Heart of Steele

The sky was blue and clear above hundreds of pounds of steel and explosives rained fire on the unsuspecting buildings. After the dust had settled on the structural shells left behind and the menacing fighter planes soared off , the United States Marine Corps needed a battle damage assessment. 

The squad scurried onto the scene, following their training, taking precautions. 

David Jones was first in line, barely out of high school and leading his team as the pointman. The pointman navigates his squad through the Afghani terrain and apocalyptic scenes, always the first out in the open. 

At first, Jones thought it was a dead man lying on the ground. The tanned body only had scraps for legs and was lying still. Jones walked up and the unnamed Taliban fighter reached for his gun.

In one swift motion, Jones shot him twice in the chest.

Pop Pop

He was dead. Jones watched him die. The insurgent was already going to die, Jones, nor his team, were going down with him. 


 In the early 2000s, a dark haired, skinny eight-year-old David Jones from Bowling Green, Kentucky brought in a Marine recruiter for career day in his second-grade class. That boy dreamed of growing up to be a Marine and for his 18th birthday, he signed the papers joining the USMC Infantry. Jones shipped out to Parris Island, South Carolina on Sept. 14, 2009, months after graduating high school. 

The South Carolina heat wouldn’t prepare Jones for the desert sun of the Middle East, and though his training instilled in him discipline and preparedness, he really didn’t take it seriously until he was out in the field, face to face with death. 

Jones served two deployments, both in the southern part of Afghanistan. In 2011, he served in Marjah, a city whose name he now has etched on his arm within a sleeve of military-themed tattoos. 

Among the tattoos on his arm is a steel plate, appearing to be bolted to his arm, with the name “Steele” in bold type, prominently displayed. Christopher “Steele” Meis died in Jones’s lap on March 17, 2011. One week before Jones’s 20th birthday.


The midmorning Afghanistan sun was beating down and the sky was an unnerving shade of blue. Bullets started buzzing through the air not 15 seconds after Jones told Zachary Reardon, his buddy who was incorrectly in front of him, to duck into a trench.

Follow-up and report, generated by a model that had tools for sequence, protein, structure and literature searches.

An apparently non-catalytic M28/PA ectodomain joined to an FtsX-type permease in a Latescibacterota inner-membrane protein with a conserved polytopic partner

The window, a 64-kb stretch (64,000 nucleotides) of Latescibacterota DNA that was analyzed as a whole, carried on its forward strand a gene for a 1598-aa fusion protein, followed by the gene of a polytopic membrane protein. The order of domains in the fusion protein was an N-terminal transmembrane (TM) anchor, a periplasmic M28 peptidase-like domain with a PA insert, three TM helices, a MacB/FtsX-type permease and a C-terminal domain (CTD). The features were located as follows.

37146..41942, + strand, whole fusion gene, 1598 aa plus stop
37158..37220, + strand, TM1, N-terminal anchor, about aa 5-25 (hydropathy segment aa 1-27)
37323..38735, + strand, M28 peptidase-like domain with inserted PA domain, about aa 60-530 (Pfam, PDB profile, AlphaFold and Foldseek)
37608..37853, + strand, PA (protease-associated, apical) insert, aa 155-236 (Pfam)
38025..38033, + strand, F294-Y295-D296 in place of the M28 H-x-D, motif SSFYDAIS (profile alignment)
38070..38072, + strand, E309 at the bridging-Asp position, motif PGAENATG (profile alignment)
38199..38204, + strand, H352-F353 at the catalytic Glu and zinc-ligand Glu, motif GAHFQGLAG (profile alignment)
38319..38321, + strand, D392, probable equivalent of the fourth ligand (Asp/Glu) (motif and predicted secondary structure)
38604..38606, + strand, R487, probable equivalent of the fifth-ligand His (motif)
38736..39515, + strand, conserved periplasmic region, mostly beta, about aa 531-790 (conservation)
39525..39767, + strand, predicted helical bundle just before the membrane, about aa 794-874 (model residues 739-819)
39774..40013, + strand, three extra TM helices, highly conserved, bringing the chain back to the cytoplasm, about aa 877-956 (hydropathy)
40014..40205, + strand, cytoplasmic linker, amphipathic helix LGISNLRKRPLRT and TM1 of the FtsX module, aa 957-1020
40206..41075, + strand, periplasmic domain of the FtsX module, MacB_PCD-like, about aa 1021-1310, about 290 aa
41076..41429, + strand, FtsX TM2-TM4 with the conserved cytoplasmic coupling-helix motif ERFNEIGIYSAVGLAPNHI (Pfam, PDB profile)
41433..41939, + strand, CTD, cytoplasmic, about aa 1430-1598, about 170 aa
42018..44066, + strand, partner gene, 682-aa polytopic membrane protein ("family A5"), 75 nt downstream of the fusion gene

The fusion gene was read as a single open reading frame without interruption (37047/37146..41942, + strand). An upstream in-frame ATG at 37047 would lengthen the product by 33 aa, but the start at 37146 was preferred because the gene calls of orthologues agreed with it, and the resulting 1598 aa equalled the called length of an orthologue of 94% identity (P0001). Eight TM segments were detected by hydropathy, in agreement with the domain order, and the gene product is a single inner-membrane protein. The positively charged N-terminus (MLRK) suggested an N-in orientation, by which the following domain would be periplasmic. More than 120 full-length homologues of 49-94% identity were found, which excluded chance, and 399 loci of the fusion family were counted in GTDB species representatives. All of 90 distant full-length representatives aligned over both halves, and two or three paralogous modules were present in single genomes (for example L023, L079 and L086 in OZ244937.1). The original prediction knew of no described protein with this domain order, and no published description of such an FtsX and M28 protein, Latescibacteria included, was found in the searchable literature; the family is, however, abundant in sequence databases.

The team exchanged fire with the attackers. Bullets flew, kicking up dirt and sand, whizzing around the Marines. 

The enemy was about 400 yards away peeking out from behind buildings, through windows, and above the roof. It was like playing Pop Goes The Weasel with lead and human flesh.

 The two opposing sides vollied shots back and forth, playing the game together.

The machine gunners were struggling to get their sights right, so the machine gun team asked for the others to lay down fire for cover while they ran closer. 

Machine gunners should never run first. The riflemen are quicker, have less gear. The pointman, Jones, should’ve been the first towards the gunfire. Under the stress of fire, they did what they thought to be the right thing. The machine gunners broke the line.

The remainder of the team let bullets rain on the other side, trying to cover Meis, Williams, and Owens while they charged forward towards a small berm up ahead. 

Meis fell.

“I thought, I remember clearly, I saw he fell and I was like ‘this fool done, tripped on his feet in the middle of a squad rush!’ and I started laughing and shit, then he didn’t get up.”

Jones kept shooting, mindlessly, not even aiming, transfixed on Meis, begging him to get up.

Sergeant Owens whipped around back to Meis,  and Jones saw they were sitting out in the open under steel blue skies, without even a cloud to cover them. 

He knew Meis was hit. Someone had to go help.

Their team leader came over the radio:

“We need someone to go get that guy out.”

Jones was one of the few with a smaller amount of gear strapped to him. He knew he had to go help.